If/when you’re in Venice, here is something to visit: a sculpture beautifully described by the art historian/broadcaster Andrew Graham-Dixon thus:
“Donatello more vividly, more brilliantly, more viscerally than anyone else creates these figures which seem as if they are on the point of speech – and that tradition which is embodied by this sculpture of John the Baptist – this sculpture is absolutely stunning – it’s really worth going to see. It’s John the Baptist but he’s on the verge of speech – it’s very very hard to believe that you’re not in the presence of a person when you’re with it.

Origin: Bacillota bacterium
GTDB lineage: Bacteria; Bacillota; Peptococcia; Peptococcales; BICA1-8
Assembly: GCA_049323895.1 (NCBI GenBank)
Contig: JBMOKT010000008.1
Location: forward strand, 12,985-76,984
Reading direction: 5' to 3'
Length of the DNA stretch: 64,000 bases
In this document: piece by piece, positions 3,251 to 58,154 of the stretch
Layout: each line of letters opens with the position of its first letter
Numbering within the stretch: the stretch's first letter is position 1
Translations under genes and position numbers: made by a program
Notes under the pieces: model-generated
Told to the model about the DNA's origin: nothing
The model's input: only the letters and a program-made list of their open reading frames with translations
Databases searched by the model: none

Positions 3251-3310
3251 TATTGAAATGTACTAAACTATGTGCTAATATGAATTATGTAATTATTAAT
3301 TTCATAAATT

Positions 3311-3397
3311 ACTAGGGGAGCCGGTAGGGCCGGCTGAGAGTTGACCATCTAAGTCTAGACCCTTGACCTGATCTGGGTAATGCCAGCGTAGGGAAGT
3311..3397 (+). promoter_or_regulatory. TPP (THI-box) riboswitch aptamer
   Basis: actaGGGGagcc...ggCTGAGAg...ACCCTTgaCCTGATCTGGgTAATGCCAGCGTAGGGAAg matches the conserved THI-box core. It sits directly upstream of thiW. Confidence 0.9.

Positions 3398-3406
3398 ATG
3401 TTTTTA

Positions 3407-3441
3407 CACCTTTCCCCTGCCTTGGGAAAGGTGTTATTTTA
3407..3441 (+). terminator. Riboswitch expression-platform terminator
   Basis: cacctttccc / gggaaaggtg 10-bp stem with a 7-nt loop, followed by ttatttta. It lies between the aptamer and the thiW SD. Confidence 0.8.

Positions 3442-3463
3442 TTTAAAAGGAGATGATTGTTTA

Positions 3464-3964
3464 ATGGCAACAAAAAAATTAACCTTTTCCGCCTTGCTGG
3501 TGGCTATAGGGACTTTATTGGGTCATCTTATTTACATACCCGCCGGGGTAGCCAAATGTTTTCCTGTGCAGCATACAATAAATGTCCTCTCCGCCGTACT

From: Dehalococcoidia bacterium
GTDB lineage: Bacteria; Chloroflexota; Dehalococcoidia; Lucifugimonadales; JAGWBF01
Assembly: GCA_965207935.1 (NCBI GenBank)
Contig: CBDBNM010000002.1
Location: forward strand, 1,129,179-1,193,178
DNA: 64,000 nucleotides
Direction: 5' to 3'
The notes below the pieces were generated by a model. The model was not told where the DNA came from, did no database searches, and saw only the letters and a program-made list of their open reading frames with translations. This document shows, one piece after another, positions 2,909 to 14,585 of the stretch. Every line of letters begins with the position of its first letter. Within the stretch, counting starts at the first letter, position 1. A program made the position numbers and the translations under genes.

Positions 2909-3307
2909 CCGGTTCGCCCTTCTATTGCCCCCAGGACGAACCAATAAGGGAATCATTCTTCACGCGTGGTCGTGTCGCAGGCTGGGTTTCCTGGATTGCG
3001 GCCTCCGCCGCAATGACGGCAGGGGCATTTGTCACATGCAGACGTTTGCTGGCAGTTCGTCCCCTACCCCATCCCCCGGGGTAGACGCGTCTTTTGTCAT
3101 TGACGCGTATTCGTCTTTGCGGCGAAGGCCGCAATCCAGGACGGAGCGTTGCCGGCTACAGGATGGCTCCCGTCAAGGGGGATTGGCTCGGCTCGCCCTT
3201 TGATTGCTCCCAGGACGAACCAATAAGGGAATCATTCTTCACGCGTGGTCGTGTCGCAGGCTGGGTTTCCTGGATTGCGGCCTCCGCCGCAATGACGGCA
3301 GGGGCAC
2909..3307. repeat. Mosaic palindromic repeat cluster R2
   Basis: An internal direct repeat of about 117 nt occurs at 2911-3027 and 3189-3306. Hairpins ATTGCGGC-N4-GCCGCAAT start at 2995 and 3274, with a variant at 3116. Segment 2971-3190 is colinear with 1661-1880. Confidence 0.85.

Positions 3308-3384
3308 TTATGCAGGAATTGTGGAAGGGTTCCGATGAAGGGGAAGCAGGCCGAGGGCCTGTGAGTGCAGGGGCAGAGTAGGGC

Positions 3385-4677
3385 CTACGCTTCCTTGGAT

That idea of the speaking likeness – the figure from the Biblical past – the spiritually charged prophet, that you stand in the presence of, and you feel they’re almost alive with you there, speaking to you – that does come to Venice, but it comes in the form of sculpture, not so much in the form of painting.”
Andrew refers to Venetian art as having “this pull or the draw towards the idea of the golden, sparkling realm of the transcendant”